Susurrus is an elegant, whispering, sculptural book creature. Adapted from the Fishbone Fold structure in The Art of the Fold, Susurrus is a delight to manipulate.

Five sheets of my handmade paper come together at four disguised joints. I letterpress printed each sheet with exclamation points and ampersands from wood type. The word “Susurrus” tracks the book’s spine. The folds of the pages, six per sheet (adapted from the 4 in Art of the Fold), obscure the word, helping to turn it from a statement into a texture that informs the overall movement and aesthetic of the work.

Materials: handmade raw cotton paper, pigments, ink, tape

Dimensions:2.25 x 2.25 x 9.5 inches


Edition size: 1


Tent Cave Hut: This Connects That

A collaboration between an architect and a bookbinder. These three miniature books possess bindings and materials that recall typologies of construction.

Randy Sovich (my architect father) and I were driven to explore the relationships between our crafts. Joinery defines three typologies of construction: tent, cave, and hut. These relate to cultures around the world; each have binding structures that relate back to the three—as well as the fable “The Three Little Pigs,” so we created miniature books for each structure.

Tent adapts traditional Japanese 4-hole binding; the tackets and sewing recall the construction of a tent or yurt.

Cave adapts an Ethiopian binding; the cover’s leather shaped over cord recalls the rock-hewn churches of Lalibela in Ethiopia.

Hut adapts a Western-style 2-hole link stitch; the stitching over parchment tapes and the basketweave cover recall post-and-beam and woven panel construction of huts.

The spines of each are displayed in a box, whose burnt finish represents the outside world’s dangers. In the process, we discovered that “a law of geometry and a law of poetry” connect our crafts.

Collaborator Bio: Randy M. Sovich, AIA, founder of RMSovich Architecture, graduated from Carnegie-Mellon University, and has practiced architecture for 35 years. His extensive experience designing buildings and places has been recognized for quality in international competitions and through awards programs locally, regionally and nationally. Mr. Sovich is co-founder and co-Editor of T3XTURE Archizine.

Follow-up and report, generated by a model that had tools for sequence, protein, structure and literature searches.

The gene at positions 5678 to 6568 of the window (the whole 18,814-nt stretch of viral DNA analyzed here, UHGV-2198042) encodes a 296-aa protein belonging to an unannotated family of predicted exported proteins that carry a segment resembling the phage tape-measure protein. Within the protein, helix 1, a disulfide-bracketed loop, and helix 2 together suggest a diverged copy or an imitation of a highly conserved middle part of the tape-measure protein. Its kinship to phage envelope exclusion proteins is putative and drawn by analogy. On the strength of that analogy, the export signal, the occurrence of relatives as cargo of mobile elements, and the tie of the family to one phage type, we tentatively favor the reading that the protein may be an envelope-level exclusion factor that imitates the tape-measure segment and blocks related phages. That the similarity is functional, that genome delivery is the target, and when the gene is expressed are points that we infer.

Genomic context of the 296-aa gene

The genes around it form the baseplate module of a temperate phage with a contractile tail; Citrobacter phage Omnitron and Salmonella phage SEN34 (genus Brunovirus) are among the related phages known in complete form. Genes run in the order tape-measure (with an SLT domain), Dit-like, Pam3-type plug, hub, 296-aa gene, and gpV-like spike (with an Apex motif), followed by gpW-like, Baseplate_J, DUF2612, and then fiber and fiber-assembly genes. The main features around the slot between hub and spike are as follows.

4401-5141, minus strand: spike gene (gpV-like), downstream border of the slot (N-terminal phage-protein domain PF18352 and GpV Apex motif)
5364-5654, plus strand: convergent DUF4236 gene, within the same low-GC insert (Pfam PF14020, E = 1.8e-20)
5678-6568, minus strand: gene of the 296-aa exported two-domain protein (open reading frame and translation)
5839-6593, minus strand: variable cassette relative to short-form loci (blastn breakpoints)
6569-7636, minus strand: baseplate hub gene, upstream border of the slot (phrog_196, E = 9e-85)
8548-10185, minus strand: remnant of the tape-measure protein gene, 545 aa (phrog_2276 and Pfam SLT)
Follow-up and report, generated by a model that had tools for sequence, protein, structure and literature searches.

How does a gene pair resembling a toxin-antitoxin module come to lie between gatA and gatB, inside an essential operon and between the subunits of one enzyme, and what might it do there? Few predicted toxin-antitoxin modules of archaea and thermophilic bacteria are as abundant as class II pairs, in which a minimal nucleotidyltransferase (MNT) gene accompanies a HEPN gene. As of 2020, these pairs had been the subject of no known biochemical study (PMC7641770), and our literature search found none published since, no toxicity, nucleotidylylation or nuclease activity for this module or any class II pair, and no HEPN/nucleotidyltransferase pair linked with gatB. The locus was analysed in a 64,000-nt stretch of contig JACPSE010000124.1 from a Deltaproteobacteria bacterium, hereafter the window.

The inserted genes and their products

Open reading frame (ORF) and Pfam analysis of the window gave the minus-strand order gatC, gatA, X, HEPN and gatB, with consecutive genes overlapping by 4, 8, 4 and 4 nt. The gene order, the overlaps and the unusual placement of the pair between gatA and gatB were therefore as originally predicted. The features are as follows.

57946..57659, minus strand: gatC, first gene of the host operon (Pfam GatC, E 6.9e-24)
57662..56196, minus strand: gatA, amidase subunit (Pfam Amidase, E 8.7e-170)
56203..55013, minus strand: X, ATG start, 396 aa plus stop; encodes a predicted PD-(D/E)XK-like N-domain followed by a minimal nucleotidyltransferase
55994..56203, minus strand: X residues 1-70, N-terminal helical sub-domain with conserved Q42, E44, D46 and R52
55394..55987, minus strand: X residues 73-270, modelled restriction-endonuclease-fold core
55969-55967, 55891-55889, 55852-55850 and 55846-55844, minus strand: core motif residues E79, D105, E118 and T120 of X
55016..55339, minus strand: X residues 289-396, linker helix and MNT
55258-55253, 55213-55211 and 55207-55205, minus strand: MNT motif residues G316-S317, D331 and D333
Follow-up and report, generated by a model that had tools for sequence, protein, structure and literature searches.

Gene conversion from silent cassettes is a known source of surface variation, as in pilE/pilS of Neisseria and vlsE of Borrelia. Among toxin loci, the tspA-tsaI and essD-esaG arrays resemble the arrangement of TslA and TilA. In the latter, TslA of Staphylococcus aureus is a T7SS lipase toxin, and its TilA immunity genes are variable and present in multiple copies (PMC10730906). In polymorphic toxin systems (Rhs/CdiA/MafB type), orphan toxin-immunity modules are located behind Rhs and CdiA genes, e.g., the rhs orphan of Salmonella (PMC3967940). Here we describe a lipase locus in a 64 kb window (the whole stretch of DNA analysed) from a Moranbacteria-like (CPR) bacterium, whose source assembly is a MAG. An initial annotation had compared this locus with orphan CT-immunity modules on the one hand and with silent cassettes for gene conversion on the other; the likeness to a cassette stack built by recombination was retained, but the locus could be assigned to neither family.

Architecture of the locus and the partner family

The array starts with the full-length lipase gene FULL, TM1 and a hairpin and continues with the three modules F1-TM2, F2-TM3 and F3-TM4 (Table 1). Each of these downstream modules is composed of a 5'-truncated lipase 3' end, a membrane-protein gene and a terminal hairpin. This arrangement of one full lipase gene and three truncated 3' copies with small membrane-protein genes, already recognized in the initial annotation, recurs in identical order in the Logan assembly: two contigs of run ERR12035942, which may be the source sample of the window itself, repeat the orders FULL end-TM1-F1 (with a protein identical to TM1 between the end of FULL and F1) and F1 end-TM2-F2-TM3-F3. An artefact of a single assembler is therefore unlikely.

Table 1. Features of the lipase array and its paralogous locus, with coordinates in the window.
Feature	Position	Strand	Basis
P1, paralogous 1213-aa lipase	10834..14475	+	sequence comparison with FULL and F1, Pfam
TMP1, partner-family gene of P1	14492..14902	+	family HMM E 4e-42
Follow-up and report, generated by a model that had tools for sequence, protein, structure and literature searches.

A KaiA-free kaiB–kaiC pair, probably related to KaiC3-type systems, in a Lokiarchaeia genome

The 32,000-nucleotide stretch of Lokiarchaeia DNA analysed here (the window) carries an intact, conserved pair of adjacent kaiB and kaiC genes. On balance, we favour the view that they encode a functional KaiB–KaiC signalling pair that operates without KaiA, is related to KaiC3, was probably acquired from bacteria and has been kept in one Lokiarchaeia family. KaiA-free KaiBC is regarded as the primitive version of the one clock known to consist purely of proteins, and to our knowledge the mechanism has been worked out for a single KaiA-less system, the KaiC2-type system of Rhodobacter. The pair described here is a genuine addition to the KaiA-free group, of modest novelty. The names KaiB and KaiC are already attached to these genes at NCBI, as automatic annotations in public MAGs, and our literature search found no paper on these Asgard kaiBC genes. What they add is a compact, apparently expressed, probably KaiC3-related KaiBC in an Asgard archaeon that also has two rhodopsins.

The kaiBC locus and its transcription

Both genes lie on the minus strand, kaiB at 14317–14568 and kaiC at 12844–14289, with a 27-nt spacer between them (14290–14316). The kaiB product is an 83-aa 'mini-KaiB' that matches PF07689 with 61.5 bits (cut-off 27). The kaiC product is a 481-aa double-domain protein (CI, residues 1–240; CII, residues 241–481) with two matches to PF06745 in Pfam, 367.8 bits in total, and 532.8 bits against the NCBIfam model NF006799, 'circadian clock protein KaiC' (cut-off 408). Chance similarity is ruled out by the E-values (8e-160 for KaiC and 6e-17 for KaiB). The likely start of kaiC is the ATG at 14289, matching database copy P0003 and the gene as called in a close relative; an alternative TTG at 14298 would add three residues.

Note: We consulted a chapter in Victor Hugo's Notre-Dame de Paris titled “This Will Kill That,” in which he defines connections and tensions between architecture and the book (which had been predicted to "kill" architecture). We also consulted Joseph Rykwert’s On Adam’s House in Paradise, and 18th and 19th C architectural theorists such as Abbé Laugier, Viollet-le-Duc, and Durand.


Tent - handmade kozo, 10 lb hemp thread

Cave - quarter-sawn oak, goat leather, hemp cord, 10 lb hemp thread

Hut - goat parchment, basswood, 10 lb hemp thread

Box - Shou-Sugi-Ban finished mahogany, aluminum pins

All contain handmade paper of raw cotton, flax, and and abaca

Dimensions: 5 x 5 x 2.25 inches closed.


Edition size: 3


Wendy Rebinding Wendy

Wendy Rebinding Wendy is a book of poetry that layers four loose narratives in a story that shifts and changes, that builds on itself even as it contradicts itself. The book is the main character; she is also Kin, both Wendy and Peter from Peter Pan, and a reluctant architect of herself.

The book opens four different ways; it is comprised of four joined textblocks to guide the reader through the four discrete yet connected sections. No one opening is prioritized; no one narrative is first or last.

The book's structure is an adaptation of a 16th-century German Protestant book, a backless vexierbücher that opens six different ways, held in the Swedish National Library. Similar books contained as many as eight or as few as four texts stacked within two covers.

The imagery is letterpress printed from photopolymer plates based on photolithographic prints made by the artist. The text is also printed from photopolymer plates. The book is housed in a chitsu box with a hand-shaped bone clasp.